Calm Your Thoughts

Shamatha meditation is a way to achieve calmer thoughts and emotions, and the sensory deprivation tank is an ideal way to achieve this.

While there are different postures for practicing this type of meditation, laying down is an effective one. It involves allowing yourself to acknowledge all of the thoughts in your head and realize that it’s normal to have them.

With practice, you start to judge your thoughts less and instead just let them be. That can help you focus less on negative outcomes or having thoughts that don’t contribute to the greater goal.

Gain Greater Insight

As you learn to calm your thoughts using the previous meditation method in the tank, you can turn your attention to vipashyana, also known as insight meditation.

The purpose of this type of meditation is to separate your delusional beliefs from reality by examining them in your mind. It helps you see yourself and others in their true light.

That can mean you realize what you thought was a threat may be harmless upon reflection. However, this insight can also help you identify things in your life that demand more attention than you’re giving them.

Focus on Love For Yourself and Others

There’s a form of meditation that’s called “loving-kindness,” or LKM, and it’s particularly easy to practice when you’re alone with your thoughts in a float tank as silence helps.

During this type of meditation, you conjure feelings of love and forgiveness towards yourself and other people in your life. In order to achieve it, you start by imagine experiencing a high level of physical and mental wellness (even if you don’t feel that way entering the tank.) However, after a few visits, you may find your natural well-being increases, as float therapy has some health benefits.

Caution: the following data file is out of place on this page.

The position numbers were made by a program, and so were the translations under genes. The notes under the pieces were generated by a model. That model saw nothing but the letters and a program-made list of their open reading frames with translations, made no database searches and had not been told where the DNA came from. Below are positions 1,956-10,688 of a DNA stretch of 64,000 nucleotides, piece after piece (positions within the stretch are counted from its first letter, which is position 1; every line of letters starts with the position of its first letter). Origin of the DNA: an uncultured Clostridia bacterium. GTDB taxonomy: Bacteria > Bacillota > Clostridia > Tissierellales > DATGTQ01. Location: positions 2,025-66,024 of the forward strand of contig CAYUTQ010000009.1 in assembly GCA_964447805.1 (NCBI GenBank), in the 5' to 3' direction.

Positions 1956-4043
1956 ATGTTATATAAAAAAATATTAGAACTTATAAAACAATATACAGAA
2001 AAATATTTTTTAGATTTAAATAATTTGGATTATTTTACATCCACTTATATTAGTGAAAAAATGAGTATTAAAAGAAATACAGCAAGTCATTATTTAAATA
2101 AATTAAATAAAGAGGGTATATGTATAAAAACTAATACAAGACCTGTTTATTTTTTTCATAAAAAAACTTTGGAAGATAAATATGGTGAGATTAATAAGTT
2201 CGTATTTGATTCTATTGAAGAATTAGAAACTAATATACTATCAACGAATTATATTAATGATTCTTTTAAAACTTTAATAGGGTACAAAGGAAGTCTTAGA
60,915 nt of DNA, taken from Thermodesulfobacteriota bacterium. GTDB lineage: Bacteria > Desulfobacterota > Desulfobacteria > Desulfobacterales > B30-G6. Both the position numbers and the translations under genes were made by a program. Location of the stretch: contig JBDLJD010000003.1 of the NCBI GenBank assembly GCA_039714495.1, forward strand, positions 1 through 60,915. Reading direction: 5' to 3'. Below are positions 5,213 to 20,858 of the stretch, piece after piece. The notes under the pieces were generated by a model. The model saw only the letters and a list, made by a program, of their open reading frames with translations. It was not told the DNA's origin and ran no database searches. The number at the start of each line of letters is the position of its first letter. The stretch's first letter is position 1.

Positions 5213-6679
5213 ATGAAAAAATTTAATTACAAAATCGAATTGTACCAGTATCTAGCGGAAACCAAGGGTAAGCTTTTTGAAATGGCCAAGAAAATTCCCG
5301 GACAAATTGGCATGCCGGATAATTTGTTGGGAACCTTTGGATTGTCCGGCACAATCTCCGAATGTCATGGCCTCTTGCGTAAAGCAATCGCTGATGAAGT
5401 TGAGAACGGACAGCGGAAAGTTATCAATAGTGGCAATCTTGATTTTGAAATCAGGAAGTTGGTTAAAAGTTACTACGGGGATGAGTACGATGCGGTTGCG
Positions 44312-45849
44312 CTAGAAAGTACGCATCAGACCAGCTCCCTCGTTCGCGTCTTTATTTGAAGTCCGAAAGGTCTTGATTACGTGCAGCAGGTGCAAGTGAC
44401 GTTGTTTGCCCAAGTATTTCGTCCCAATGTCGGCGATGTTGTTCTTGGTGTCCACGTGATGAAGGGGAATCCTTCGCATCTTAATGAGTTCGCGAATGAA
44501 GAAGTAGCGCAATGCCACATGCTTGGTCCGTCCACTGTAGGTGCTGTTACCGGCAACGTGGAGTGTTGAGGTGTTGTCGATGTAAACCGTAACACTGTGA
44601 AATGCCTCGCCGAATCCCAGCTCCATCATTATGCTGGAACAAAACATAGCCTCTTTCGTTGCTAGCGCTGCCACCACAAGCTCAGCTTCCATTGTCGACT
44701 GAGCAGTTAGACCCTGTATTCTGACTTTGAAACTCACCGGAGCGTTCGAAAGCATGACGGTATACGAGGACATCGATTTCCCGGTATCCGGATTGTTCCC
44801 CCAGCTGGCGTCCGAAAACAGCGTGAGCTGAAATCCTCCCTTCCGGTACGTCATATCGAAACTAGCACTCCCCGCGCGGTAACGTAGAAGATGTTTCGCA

You can even repeat some positive messages about yourself in your head or out loud (don’t worry, chances are no one will hear you because the tanks are soundproof.) Whenever you feel your thoughts drifting back to something negative, return to the feelings of love and let them wrap around you.

If you feel sufficiently self-loved, then move your attention to others. It’s best to focus on yourself for the first few sessions.

Enhance Meditation In a Sensory Deprivation Tank

The float tank can help you enhance the meditation experience. The tanks are ideal because they block outside distractions and let you focus on your own breathing and thoughts.

With a bit of practice, you might find you have greater compassion for yourself and others, while also dealing with everyday stress more effectively.

To find out more about the benefits of spending time in a sensory deprivation tank, and the different types of tanks available, contact us today.

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One Response

  1. writing-help.org/blog/chicago-crime-and-sociology-free-essay

    Sometimes it is not possible to find peace when everything irritates and annoys you. That is why, it is necessary to mediate or develop mediation skills.